At first glance, Hugs: Bloodpond could easily be mistaken for a children’s book. Ok, with it’s graphic depictions of cartoon violence, human sacrifice, drug use and naked women maybe not so easily. But it does star Hugs, a cuddly, retarded looking polar bear floating across a surreal fantasyland on a wild adventure that takes him from Heaven to Hell and to the deep jungle.
Each page of the slender tome is laid out exactly the same: Just two panels, one on top of the other. With the garishly-drawn cartoon figures placed onto fantastically painted backgrounds, the book also gives the appearance of a nightmarish Colorforms set, which come to think of it wouldn’t be a bad promotional item for writer/artist Michael Ogilvie. With Hugs, he’s designed a character made for demented merchandizing.
Hugs careens obliviously through his own tale, unintentionally causing the death of a little doggie. In an act of revenge, the pup’s lover kills Hugs, which sends the big oaf to Heaven where he has a good time thanks to all the free heroin. Not satisfied with this form of non-punishment, a little prayer sends Hugs down to Hell, which turns out to be not such a bad place either, what with all the hot chicks to play chess with. Finally, thanks to the baby Jesus, Hugs returns to life for one last randy adventure.
In just 36 pages, i.e. 71 panels (the last panel is devoted to footnotes), with very simple drawings and a minimum of dialogue, Ogilvie has created a fairly complicated book. It’s a graphic novel one can just simply admire the pretty paintings, since each panel flows so abstractly from one to the next the book could give the appearance of not containing a story at all. But closer inspection reveals a rewardingly bleak tale. My little plot description in the previous paragraph, which leaves out much of the bizarre goings-on, only came from flipping through the book a couple of times.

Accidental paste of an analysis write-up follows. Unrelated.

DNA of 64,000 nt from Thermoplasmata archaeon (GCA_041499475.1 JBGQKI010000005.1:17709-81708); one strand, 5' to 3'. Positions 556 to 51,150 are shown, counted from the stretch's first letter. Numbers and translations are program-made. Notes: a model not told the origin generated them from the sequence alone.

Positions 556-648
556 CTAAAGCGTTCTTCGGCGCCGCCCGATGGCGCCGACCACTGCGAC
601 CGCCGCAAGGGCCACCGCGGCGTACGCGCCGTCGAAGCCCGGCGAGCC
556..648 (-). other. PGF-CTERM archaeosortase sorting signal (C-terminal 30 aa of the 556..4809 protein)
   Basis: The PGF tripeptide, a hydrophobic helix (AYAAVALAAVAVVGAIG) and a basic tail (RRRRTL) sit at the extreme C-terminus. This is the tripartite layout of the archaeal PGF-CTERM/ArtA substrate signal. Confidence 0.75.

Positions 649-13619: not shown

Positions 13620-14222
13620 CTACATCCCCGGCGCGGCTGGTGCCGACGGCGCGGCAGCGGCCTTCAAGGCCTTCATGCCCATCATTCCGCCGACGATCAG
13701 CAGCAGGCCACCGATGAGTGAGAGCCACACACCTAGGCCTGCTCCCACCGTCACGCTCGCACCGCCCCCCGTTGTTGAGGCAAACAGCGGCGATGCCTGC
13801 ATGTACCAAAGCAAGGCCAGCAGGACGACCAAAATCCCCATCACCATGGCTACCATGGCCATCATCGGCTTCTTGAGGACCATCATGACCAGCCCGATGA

Hugs: Bloodpond, which is self-published by Ogilvie, is really a beautifully bound little package and the artwork would also work really well as an art installation with the pages hanging up side-by-side on a gallery wall. With a minimum of dialogue — most of it consisting mostly of cribbed, existential quotes from other authors like Dostoyevsky, Cormac McCarthy and Truman Capote — each page, in fact each panel, is it’s own contained experience.
Bloodpond is also a sequel of sorts to a previous Hugs adventure, Thoughtlead, in which the title character inadvertently triggers a nuclear devastation in which he’s partially devoured by a mutant butterlfy, but still manages to get a lttle nookie on the side. This first story, published as a pamphlet rather than a fully-bound book, is fully silent with no dialogue and is definitely more abstract than Bloodpond, but really just as beautiful to look at.